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Henry Wadsworth Longfellow, ed. Poems of Places: An Anthology in 31 Volumes.
Americas: Vol. XXX. 1876–79.

British America: Ottawa, Canada

Imperium in Imperio

By Thomas William Parsons (1819–1892)

IN Ottawa, the Lord of Lorne,

Young Campbell, clansman of Argyll,

A court shall hold to put to scorn

All courts but that of Britain’s isle;

Strange chiefs, through many an hundred mile

Of trackless woods, will seek Louise,

To change their welcome for her smile,

Who comes their Princess over seas.

Of Saxon aspect, proud of mien,

Bearing high names in days of yore,

Some gay with tartan red and green,

Stern as their Caledonian shore,

With voices like Corbrechtan’s roar,—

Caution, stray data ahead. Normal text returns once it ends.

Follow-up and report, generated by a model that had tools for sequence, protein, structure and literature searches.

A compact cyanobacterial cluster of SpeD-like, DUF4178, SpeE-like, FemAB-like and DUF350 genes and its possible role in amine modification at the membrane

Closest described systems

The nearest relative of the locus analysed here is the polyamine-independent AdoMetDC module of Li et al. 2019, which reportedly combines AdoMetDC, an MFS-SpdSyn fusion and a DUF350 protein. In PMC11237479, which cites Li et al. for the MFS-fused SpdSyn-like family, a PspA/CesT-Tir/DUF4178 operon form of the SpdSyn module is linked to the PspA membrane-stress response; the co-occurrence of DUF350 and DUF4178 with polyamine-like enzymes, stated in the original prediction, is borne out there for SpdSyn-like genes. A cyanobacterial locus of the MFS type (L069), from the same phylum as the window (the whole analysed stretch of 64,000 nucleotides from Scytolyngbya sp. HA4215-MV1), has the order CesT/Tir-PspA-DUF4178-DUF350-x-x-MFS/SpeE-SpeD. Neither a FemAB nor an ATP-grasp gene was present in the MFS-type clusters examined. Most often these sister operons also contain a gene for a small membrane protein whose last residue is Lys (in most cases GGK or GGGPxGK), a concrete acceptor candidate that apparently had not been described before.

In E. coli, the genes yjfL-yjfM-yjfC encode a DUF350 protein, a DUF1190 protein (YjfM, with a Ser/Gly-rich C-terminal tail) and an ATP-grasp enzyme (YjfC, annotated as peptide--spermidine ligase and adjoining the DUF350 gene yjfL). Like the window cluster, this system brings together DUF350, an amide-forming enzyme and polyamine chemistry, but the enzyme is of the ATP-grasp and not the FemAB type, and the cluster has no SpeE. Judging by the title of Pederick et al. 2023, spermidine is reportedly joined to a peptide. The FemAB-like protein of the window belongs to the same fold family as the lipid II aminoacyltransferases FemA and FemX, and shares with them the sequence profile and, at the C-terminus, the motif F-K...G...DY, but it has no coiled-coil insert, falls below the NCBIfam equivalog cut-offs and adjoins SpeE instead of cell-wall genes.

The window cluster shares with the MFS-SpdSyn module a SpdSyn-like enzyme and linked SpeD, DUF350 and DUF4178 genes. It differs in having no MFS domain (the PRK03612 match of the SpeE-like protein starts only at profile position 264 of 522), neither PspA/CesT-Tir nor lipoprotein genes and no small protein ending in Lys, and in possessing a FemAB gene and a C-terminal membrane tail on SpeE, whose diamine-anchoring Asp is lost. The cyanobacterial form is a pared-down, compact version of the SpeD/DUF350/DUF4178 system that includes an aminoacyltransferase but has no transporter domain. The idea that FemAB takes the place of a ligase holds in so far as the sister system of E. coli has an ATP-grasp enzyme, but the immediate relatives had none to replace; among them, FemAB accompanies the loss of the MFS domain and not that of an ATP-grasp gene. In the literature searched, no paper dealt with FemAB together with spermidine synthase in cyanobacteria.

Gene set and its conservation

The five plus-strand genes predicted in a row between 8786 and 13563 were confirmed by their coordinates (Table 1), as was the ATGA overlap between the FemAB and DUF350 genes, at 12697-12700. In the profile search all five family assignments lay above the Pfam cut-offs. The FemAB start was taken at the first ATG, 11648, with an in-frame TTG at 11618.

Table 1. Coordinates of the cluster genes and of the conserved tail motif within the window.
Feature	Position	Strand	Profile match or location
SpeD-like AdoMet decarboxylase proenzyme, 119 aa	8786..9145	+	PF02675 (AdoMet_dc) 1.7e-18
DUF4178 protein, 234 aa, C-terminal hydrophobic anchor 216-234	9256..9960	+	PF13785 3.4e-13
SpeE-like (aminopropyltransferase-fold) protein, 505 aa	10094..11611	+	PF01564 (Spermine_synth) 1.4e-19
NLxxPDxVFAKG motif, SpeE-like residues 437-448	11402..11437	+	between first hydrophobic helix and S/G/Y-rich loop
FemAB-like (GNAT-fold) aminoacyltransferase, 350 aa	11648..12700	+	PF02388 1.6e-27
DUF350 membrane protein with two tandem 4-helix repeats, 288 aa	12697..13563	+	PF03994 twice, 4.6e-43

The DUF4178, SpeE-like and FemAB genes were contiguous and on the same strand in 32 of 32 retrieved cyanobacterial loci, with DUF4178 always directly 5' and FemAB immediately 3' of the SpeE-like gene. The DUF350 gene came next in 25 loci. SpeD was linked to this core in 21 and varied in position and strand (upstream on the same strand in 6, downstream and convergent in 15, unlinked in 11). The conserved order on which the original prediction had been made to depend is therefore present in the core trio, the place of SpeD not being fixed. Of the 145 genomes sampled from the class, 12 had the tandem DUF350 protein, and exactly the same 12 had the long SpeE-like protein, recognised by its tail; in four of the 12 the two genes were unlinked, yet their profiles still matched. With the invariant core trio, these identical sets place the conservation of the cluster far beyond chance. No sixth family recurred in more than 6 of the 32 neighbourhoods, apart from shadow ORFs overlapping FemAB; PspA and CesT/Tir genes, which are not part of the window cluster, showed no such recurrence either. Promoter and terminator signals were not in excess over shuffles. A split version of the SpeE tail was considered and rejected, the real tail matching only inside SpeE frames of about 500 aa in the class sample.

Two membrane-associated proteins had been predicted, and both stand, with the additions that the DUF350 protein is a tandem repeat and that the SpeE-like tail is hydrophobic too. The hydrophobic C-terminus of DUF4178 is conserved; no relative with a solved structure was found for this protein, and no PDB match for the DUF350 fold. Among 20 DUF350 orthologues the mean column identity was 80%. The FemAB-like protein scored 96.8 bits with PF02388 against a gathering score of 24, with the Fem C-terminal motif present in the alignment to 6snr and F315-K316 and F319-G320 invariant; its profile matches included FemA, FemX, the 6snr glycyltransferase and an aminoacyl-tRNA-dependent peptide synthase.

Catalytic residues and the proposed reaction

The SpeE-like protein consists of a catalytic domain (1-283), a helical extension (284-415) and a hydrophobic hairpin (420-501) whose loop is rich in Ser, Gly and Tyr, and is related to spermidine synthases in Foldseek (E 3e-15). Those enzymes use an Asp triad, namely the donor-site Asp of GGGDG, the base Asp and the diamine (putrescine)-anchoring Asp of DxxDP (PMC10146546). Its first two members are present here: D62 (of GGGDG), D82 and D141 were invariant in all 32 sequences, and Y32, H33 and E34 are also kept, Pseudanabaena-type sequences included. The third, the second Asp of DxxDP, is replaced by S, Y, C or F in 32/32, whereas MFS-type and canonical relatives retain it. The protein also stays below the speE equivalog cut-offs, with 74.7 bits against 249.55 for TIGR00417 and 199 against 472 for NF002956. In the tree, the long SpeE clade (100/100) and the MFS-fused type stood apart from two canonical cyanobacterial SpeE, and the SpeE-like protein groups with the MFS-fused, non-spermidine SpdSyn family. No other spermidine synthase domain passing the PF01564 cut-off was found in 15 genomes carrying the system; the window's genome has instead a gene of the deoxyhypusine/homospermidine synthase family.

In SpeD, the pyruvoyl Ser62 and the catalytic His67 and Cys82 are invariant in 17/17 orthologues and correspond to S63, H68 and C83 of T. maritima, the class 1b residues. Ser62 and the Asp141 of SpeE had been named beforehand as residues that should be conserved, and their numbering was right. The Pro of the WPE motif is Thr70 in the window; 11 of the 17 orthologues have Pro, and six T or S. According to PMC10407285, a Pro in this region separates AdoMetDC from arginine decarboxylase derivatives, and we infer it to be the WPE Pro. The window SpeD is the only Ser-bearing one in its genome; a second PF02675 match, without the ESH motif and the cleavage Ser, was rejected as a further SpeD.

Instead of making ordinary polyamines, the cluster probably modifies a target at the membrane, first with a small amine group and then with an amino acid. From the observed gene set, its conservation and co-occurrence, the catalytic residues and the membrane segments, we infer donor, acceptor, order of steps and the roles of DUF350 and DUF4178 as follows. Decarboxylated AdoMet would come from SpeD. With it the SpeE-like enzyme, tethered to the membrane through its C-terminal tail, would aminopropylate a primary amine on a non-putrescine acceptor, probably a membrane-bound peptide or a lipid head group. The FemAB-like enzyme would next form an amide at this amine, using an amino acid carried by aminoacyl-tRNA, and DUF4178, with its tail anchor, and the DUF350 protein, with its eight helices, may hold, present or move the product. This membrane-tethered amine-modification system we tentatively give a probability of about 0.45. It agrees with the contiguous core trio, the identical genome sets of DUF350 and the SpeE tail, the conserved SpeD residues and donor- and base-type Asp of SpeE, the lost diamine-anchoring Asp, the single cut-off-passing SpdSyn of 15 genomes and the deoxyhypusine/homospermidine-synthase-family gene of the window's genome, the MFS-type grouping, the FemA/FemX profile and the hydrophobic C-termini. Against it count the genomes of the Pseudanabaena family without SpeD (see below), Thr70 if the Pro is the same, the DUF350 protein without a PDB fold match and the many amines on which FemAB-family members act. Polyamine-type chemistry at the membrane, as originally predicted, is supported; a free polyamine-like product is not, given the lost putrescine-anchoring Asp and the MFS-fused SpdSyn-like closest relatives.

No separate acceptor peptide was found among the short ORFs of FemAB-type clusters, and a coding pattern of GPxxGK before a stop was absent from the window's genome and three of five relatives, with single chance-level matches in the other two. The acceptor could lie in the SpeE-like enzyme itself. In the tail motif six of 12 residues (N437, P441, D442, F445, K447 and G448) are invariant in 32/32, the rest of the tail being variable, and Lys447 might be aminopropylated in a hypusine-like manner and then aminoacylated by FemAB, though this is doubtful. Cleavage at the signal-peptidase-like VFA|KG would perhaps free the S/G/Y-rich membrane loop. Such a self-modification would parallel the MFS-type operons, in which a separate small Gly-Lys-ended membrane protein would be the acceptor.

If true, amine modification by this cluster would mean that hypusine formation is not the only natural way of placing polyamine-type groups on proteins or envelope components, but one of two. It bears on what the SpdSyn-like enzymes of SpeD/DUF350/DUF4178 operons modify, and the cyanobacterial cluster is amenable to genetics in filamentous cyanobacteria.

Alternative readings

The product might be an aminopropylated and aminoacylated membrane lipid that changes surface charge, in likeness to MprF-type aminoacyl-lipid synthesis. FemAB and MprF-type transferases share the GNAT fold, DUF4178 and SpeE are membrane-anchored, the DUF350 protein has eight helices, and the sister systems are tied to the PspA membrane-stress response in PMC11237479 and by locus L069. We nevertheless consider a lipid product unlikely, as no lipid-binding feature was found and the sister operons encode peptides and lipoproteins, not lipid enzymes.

What men are these in furred array?

These be the lords of Labrador,

And these the dukes of Hudson’s Bay.

The dwellers where the waters fall

Down Montmorency’s woody steep,

The merchant-kings of Montreal,

And they who Durham uplands reap,

Shall join, that rule to guard and keep,

Whose large dominion shall outgrow

The imperial island in the deep,—

Though Time her empire should o’erthrow.

Haply, on some resplendent morn,

When London streets are wild with life,

Great captains in gay chariots borne,

Men who have faced the foe in strife,

And many a high peer’s haughty wife,

And Norman ladies fair to see,

Towards Holbein’s towers, with liveries rife,

Pour through Pall Mall, by Twenty three,

With goodlier pomp to swell the blood

In British bosoms pleased with show,

And give to thy historic flood,

Dark Thames, a more majestic flow;

Yet there no manlier hearts can glow,

In truer subjects, better born,

Than those that welcome to Rideau

Louisa and the Lord of Lorne!